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Why Medical Device Manufacturers Win, and Patients Lose

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Medical device manufacturers funnel billions into their coffers while patients struggle with financial ruin after receiving routine procedures. 

By: Timothy S. Tomasik

$13,000 or $78,000.  If you needed an artificial hip, which would you rather pay?  That stark choice was recently presented to 67-year-old Michael Shopenn of Colorado.  Mr. Shopenn’s choice provided a background for Elisabeth Rosenthal’s piece in Sunday’s New York Times highlighting the wildly anticompetitive behavior of American implant manufacturers, their expensive lobbying efforts, and compliant hospital policies that combine to leave more and more Americans stuck at similar crossroads.  Mr. Shopenn chose to take his business to Belgium, where the cost of his hip replacement, including a five-day hospital stay, doctors’ fees, operating room charges, crutches, medicine, a week in rehab, and a round-trip flight, totaled $13,660.  A similar hip implant procedure at home would have cost somewhere in the ball park of $78,000.

American hip manufacturers would have consumers believe that R&D and liability litigation drives up the cost of their products.  Once again, this straw man argument has been proven blatantly false.  In 2012, hip implant manufacturers spent about 5% of revenue on research and development.  Tort liability?  Dr. Rory Wright, an orthopedist at the Orthopedic Hospital of Wisconsin discounts this theory, noting that “[implant manufacturers] price this way because they can.”

Mr. Shopenn’s choice, like so many other Americans, was influenced by his insurance company’s refusal to perform its obligation.  Specifically, his insurance refused to cover a hip implant because of a previous sports injury, claiming his devastating arthritis was the result of a “pre-existing condition.”  So, if he ever wanted to stand long enough to make coffee, let alone work, he had to pay for the procedure out of pocket.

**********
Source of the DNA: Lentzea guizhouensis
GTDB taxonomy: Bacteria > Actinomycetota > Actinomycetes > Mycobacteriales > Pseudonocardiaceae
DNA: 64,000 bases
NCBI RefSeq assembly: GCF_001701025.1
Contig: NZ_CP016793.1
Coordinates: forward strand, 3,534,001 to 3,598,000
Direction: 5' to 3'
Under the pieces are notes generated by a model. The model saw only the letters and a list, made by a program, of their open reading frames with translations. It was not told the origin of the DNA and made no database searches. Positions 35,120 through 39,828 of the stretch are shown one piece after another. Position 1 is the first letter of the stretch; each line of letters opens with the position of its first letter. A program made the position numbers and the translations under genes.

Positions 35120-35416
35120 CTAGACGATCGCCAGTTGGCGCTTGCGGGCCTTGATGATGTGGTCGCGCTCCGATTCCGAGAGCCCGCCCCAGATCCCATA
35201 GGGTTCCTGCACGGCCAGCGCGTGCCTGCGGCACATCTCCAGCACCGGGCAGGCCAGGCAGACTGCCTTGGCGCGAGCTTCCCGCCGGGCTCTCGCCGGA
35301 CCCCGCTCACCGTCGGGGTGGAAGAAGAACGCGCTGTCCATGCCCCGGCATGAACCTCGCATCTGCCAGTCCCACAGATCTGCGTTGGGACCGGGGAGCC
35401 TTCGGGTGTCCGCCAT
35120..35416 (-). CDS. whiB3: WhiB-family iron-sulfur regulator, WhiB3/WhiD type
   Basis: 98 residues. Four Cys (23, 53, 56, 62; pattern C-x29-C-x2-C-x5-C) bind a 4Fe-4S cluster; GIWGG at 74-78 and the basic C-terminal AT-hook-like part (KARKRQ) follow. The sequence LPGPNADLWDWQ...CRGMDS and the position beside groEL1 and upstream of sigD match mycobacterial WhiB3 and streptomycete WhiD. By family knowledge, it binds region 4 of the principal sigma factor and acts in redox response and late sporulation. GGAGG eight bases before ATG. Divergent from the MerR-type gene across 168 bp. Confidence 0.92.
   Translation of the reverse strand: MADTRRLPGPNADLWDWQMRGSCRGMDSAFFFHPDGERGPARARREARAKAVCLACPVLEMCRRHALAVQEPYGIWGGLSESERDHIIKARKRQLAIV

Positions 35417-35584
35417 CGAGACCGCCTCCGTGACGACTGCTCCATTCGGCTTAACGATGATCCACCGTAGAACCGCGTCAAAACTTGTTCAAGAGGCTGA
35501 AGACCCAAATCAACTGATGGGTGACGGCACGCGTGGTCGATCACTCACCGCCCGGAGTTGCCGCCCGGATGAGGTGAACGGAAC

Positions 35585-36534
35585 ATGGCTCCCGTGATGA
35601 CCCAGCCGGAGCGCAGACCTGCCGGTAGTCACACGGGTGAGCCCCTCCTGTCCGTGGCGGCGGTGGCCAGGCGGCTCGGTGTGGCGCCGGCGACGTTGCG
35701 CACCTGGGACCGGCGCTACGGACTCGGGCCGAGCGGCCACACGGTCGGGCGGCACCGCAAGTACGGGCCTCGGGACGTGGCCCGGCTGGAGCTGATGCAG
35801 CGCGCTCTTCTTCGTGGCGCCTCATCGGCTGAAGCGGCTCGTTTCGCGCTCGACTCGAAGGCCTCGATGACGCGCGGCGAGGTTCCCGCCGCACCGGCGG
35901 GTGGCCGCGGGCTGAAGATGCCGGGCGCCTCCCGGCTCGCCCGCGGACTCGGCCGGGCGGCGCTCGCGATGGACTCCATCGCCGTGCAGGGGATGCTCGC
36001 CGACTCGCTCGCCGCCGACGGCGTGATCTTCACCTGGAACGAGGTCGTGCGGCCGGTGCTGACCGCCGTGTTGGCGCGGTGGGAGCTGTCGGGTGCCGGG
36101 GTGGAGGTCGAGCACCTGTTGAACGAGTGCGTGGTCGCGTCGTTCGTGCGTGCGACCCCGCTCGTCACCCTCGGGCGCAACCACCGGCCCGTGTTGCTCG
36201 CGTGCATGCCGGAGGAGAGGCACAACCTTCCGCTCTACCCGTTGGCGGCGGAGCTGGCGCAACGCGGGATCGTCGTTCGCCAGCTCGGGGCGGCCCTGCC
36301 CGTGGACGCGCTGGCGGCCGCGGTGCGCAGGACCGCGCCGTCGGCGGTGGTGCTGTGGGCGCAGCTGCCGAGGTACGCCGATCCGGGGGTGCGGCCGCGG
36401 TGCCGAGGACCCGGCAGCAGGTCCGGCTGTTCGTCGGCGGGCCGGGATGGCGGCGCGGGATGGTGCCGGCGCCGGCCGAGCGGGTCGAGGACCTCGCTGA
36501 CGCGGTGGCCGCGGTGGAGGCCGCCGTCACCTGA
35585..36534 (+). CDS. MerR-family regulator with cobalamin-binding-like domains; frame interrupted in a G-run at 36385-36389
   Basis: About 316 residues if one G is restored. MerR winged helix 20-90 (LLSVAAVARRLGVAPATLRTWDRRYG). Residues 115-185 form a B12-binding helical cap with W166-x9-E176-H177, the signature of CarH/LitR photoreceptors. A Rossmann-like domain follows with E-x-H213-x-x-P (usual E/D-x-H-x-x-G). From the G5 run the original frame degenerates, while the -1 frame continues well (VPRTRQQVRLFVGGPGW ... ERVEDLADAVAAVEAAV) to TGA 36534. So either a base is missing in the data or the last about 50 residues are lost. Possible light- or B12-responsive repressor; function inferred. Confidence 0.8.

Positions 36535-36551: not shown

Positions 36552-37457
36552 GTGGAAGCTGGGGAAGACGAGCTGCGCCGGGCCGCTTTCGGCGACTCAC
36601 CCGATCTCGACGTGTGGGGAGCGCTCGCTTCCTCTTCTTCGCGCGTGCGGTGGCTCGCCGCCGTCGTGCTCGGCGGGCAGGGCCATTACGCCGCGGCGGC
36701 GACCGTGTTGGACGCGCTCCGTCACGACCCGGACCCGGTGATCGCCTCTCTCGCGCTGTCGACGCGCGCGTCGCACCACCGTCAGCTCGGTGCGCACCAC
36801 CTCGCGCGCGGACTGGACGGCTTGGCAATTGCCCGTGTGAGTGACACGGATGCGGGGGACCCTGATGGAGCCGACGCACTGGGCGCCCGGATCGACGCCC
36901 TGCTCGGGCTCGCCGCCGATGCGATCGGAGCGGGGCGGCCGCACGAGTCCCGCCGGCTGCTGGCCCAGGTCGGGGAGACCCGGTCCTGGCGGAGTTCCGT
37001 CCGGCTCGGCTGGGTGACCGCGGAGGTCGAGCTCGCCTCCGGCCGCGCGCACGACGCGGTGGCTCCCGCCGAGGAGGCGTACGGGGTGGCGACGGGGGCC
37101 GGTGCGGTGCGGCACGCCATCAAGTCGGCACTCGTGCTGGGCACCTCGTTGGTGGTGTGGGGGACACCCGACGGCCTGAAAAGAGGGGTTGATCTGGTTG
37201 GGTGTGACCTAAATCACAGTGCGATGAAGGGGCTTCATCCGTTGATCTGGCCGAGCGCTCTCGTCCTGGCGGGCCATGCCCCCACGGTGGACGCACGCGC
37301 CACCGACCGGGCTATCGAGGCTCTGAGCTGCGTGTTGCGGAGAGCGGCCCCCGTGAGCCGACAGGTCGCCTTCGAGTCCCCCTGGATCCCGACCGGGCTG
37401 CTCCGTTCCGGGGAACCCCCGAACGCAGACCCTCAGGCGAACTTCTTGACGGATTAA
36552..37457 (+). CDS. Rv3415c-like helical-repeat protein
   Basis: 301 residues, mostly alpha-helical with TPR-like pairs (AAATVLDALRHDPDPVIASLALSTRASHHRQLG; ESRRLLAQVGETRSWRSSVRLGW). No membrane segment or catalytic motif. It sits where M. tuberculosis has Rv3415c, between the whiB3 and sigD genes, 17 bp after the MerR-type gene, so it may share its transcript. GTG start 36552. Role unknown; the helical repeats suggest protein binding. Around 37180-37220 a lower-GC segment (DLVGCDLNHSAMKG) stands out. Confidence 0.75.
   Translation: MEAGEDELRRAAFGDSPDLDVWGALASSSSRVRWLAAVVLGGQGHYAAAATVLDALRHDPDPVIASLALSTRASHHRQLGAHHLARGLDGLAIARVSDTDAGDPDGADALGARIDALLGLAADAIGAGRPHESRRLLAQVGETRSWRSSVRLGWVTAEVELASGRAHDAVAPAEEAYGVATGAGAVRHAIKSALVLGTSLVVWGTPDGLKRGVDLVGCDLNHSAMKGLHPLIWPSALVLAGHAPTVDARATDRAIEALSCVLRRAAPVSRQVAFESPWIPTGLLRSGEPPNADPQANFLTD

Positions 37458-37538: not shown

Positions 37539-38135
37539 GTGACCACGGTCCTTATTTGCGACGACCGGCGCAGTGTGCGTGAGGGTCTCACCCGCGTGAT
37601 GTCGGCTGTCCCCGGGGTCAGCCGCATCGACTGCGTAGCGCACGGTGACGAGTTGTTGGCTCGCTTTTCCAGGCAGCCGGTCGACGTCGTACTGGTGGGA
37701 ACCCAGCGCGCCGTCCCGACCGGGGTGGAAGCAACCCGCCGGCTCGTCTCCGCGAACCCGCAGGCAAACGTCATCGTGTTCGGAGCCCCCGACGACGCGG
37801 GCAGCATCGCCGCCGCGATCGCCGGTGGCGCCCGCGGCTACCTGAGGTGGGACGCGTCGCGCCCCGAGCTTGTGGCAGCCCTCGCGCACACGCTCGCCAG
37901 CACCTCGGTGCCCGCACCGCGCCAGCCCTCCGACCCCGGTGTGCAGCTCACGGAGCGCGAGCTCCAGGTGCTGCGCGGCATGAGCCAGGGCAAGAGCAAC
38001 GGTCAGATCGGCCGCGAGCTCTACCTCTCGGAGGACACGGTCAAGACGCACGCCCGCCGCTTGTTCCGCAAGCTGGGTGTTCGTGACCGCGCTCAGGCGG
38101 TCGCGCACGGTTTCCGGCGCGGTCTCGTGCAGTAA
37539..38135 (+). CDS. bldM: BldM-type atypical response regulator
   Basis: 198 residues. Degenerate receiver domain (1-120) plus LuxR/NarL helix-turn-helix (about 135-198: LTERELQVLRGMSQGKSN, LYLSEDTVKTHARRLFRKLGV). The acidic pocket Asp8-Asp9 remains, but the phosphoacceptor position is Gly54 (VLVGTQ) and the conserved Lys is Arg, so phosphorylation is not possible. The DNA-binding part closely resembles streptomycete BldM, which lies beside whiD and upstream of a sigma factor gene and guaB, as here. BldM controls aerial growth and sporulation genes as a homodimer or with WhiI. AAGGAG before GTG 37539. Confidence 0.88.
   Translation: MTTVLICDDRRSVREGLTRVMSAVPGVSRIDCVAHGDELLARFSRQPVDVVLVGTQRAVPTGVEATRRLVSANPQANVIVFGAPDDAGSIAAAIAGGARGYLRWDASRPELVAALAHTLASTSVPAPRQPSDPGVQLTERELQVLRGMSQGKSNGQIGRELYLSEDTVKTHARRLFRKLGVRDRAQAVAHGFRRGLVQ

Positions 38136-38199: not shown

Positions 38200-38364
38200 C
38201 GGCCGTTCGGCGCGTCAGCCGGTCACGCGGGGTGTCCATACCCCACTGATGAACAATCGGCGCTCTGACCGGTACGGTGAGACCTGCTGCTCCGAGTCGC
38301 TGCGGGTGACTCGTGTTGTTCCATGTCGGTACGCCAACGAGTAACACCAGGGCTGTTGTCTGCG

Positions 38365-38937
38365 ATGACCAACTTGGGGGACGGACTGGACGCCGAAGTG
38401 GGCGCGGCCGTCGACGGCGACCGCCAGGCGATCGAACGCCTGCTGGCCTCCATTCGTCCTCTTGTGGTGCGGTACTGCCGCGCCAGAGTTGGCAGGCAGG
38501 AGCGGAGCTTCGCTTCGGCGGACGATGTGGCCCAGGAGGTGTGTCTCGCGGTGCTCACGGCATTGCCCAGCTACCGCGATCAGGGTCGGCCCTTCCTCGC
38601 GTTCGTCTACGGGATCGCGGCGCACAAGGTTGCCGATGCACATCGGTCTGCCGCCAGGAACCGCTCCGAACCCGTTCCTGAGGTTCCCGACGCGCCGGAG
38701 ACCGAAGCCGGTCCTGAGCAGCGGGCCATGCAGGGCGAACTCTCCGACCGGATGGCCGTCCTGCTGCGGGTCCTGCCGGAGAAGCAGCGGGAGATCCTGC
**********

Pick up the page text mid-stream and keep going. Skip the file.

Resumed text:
An artificial hip costs about $350 to manufacture in the United States.  In fact, four of the five largest orthopedic manufacturers in the world call the United States home.  Three – Zimmer, Biomet, and DePuy – are just a two hour drive from Chicago, in Warsaw, Indiana.  Yet, the cheapest artificial hip Mr. Shopenn could find in the U.S. was $13,000.

What accounts for this exorbitant cost?  Device makers require their customers to sign non-disclosure agreements about prices, so institutions can’t learn what their competitors are paying.  There are as many as 13 layers of middlemen vendors – joint implant purchasing consultants, implant billing companies, joint brokers – between the physician and his or her patient, all of whom cause artificial price inflation.  Last year, the medical device industry spent nearly $30 million lobbying Congress for favorable regulation.  In 2007, joint makers paid $311 million to settle Justice Department lawsuits that alleged the manufacturers were issuing kickbacks to surgeons who used their devices.  That same year, nearly 1,000 American orthopedists received a total of about $200 million in payments from joint manufacturers for consulting, royalties and other activities.  Joint maker sales reps also cozy up to physicians and even accompany them into the operating room with unwitting patients.  Studies have shown that operations attended by a sales rep are more likely to use more and costlier medical equipment.  At the end of the day, a $350 artificial hip typically costs a hospital or orthopedic clinic between $4,500 and $7,500.  Lop on another hefty hospital markup, and the patient is left holding the bag.

Some consumers have fought back.  For instance, after concluding that hip replacements billed at $100,000 yielded no better results than less expensive ones, the California Public Employees’ Retirement System told members that it would pay hospitals $30,000 for a hip or knee replacement.  Faced with the possibility of a total loss in business, not surprisingly, dozens of hospitals have fallen in line to accept the new price point.

Ms. Rosenthal’s piece highlights the confluence of factors that contribute to the inflated price of an artificial joint implant surgery.  It also clearly illustrates, despite the outcries from misinformed legislators and conservative pundits, that tort liability is merely a drop in an ocean of considerations that have contributed to spiraling health care costs.  In reality, it is the relentless pursuit of corporate and institutional profit that leaves patients with few or increasingly extreme options to obtain the health care they need to improve their quality of life.

Patrick J. Giese contributed to this post.

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